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Application security testing can present many questions, and one of the most common is which systems should be tested for vulnerabilities. Should testing be performed on systems in the development environment, the staging environment, the production system or some combination of those?
Because clients are often pressured into testing applications used in production, there can be some confusion about the value and acceptance of testing non-production systems. In many cases, those who request the tests are unaware of the risks, or they don't care because it doesn't impact them.
So what should be tested? Given the people, business and technical complexities involved, this is not a simple question. Organizations operating across different industries tend to have their own unique requirements and approaches in terms of risk tolerance and managing their security programs.
Testing production systems is going to give the most realistic view of how things are looking and what can be exploited. In a simple world, organizations would just test production and be done with it; however, several side effects to testing production systems should be considered, including:
- a reduction in system performance;
- potential for denial of service;
- potential for email flooding via web forms with no CAPTCHA protection;
- risk of databases getting filled with junk data that can't be easily removed;
- potential exposure of sensitive information and source code to outside parties; and
- the need to use IT, security and development resources to ensure the production environment remains stable during application testing.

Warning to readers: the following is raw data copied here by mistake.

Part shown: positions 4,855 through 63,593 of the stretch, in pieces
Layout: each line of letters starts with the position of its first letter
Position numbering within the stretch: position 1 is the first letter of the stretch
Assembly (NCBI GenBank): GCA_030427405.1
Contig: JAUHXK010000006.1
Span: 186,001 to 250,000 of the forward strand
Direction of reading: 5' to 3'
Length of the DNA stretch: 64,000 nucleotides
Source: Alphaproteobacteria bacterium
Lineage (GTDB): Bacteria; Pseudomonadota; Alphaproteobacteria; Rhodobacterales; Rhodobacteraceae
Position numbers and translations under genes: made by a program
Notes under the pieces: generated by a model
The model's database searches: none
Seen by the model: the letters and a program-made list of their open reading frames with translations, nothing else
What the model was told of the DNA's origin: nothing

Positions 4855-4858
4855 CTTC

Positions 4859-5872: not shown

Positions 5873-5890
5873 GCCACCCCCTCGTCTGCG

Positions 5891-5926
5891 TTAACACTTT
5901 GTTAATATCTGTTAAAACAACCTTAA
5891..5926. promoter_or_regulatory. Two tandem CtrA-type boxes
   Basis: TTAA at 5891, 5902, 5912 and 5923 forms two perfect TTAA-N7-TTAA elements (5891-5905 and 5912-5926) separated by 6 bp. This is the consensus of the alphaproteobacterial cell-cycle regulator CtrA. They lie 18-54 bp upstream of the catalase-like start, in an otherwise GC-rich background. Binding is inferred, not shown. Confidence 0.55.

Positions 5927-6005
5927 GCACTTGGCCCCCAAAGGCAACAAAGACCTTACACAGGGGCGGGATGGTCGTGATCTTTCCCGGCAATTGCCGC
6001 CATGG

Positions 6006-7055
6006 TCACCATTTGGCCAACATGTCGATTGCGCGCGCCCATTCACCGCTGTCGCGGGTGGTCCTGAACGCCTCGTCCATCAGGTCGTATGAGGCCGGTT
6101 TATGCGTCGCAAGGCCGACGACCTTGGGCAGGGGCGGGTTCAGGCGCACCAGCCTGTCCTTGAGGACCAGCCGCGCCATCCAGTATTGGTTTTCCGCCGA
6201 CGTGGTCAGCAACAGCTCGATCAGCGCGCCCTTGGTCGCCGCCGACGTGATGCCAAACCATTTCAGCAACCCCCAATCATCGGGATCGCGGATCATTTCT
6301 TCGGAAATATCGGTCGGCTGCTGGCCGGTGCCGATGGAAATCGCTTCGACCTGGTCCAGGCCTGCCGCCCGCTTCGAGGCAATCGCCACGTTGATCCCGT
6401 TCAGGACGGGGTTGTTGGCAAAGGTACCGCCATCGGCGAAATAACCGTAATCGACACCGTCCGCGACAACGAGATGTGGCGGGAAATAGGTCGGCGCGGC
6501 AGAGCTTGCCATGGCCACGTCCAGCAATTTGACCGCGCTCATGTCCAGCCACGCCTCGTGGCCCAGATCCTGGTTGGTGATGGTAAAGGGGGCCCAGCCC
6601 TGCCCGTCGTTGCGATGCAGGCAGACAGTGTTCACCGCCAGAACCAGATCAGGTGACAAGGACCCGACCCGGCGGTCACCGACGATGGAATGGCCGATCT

Even though there are many drawbacks to testing production environments, such testing can paint the most accurate picture of how the latest code is currently exposed to the elements -- it's plain, simple and based in the real world.
Still, there's value in testing non-production environments, such as development, quality assurance and staging systems. While it obviously has less impact on the production systems, many people choose to test non-production systems.
But non-production testing is not necessarily reflective of the real world, as non-production application environments likely run different code. They're not necessarily running on the same server operating systems, and they also tend to have different patch levels. Add on top of that the varying configurations at the application and server levels and it's not uncommon to see vulnerability and penetration testing results that vary quite widely from production to non-production.
Another issue is that making non-production systems accessible to the internet can, in turn, expose the systems unnecessarily, especially in situations with known vulnerable code, missing patches and improperly secured production data.
If you test non-production systems, will that be documented as such in the final report? Will the security posture be assumed to be reflective of the production environment? One thing that you can and should do when you uncover vulnerabilities in a non-production environment is to immediately test for flaws in production. This is especially important to recognize SQL injection, cross-site scripting and missing server patches.
Again, there's no definitive answer as to which environment to use for testing; it could be production, non-production or some combination of both. The important thing is ensuring that application testing is being done and that the necessary controls exist to properly mitigate identified vulnerabilities.
Get together with the right people in IT, security and the necessary business units in order to develop a testing standard. That way, when customers, business partners or auditors ask how your application security testing is performed, everyone will be on the same page.